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A new approach to identifying behaviour in animals using tiger sharks, Galeocerdo cuvier, as a test species / WALLIS JAMES
Swansea University Author: WALLIS JAMES
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Copyright: The author, Wallis M. James, 2022.Download (3.76MB)
There are many advantages in determining animal behaviour for conservation initiatives seeking to protect species impacted by the changing planet. However, for many years, direct observation of elusive or dangerous animals in challenging habitats precluded the acquisition of representative, non-bias...
|Degree level:||Master of Research|
|Supervisor:||Wilson, Rory P.|
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There are many advantages in determining animal behaviour for conservation initiatives seeking to protect species impacted by the changing planet. However, for many years, direct observation of elusive or dangerous animals in challenging habitats precluded the acquisition of representative, non-biased behavioural data. Recently though, animal-attached tag technology incorporating accelerometers, magnetometers and pressure sensors, has greatly advanced our abilities to document the behaviour of a numerous vertebrate species (e.g. birds, reptiles, fish, mammals), even when they cannot be observed. For this, supervised and unsupervised machine learning are often used to categorise behaviours by identifying patterns within the biotelemetry data. However, supervised machine learning requires training data, which is not always available, and both methods are driven by machine-based software with no explicitly defined parameters associated with behaviours which can be cross-checked. This work aimed to use a proper physics-based understanding of triaxial accelerometer-, magnetometer- and pressure data taken from electronic tags deployed on tiger sharks, Galeocerdo cuvier, to interpret patterns and group them into behaviours. As part of this, multi-modality in frequency distributions of parameters was investigated, on the premise that different behaviours can result in different frequency distributions in particular metrics. Following examination, algorithms using defined numerical limits were created to isolate distinct behaviours and these used to detect the extent of identified patterns within entire data sets and across individuals. A total of 12,338 minutes of tag data was processed, from which 10 behaviours were identified. Seven of these were successfully described using numerical metric limits from recorded and/or derived data including; ‘descent’, ‘ascent’, ‘burst power’, etc. However, frequency distributions showed a continuum rather than multiple distinct modes, indicating that this approach is likely to be more complex than thought. The use of physical principles seems a promising method for interpreting accelerometer, magnetometer and pressure data to identify behaviours that occur in study animals that cannot be directly observed. Although these algorithms are specific to tiger sharks in this work, this method is likely to be applicable to other species in aerial, aquatic or terrestrial habitats and could inform a broad range of conservations initiatives in the future.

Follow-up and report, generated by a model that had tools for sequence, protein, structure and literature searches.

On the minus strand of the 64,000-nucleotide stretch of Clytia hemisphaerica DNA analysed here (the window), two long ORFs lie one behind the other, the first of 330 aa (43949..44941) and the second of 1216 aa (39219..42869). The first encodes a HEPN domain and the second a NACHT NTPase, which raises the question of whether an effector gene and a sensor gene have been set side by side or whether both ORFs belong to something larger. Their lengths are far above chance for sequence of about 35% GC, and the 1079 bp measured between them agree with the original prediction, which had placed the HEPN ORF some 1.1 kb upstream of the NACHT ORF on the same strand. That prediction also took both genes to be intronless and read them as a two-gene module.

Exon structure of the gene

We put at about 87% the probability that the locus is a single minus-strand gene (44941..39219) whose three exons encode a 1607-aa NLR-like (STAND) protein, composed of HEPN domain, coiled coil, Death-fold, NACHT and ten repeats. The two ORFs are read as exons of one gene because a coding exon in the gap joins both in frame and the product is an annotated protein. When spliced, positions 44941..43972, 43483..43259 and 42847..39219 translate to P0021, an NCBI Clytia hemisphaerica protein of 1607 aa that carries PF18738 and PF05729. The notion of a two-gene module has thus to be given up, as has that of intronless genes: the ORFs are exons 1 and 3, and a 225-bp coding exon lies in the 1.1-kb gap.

ORCiD identifier: https://orcid.org/0000-0002-8541-3976
Tiger shark, accelerometer tag, behaviour, quantitative, acceleration data, VeDBA
College of Science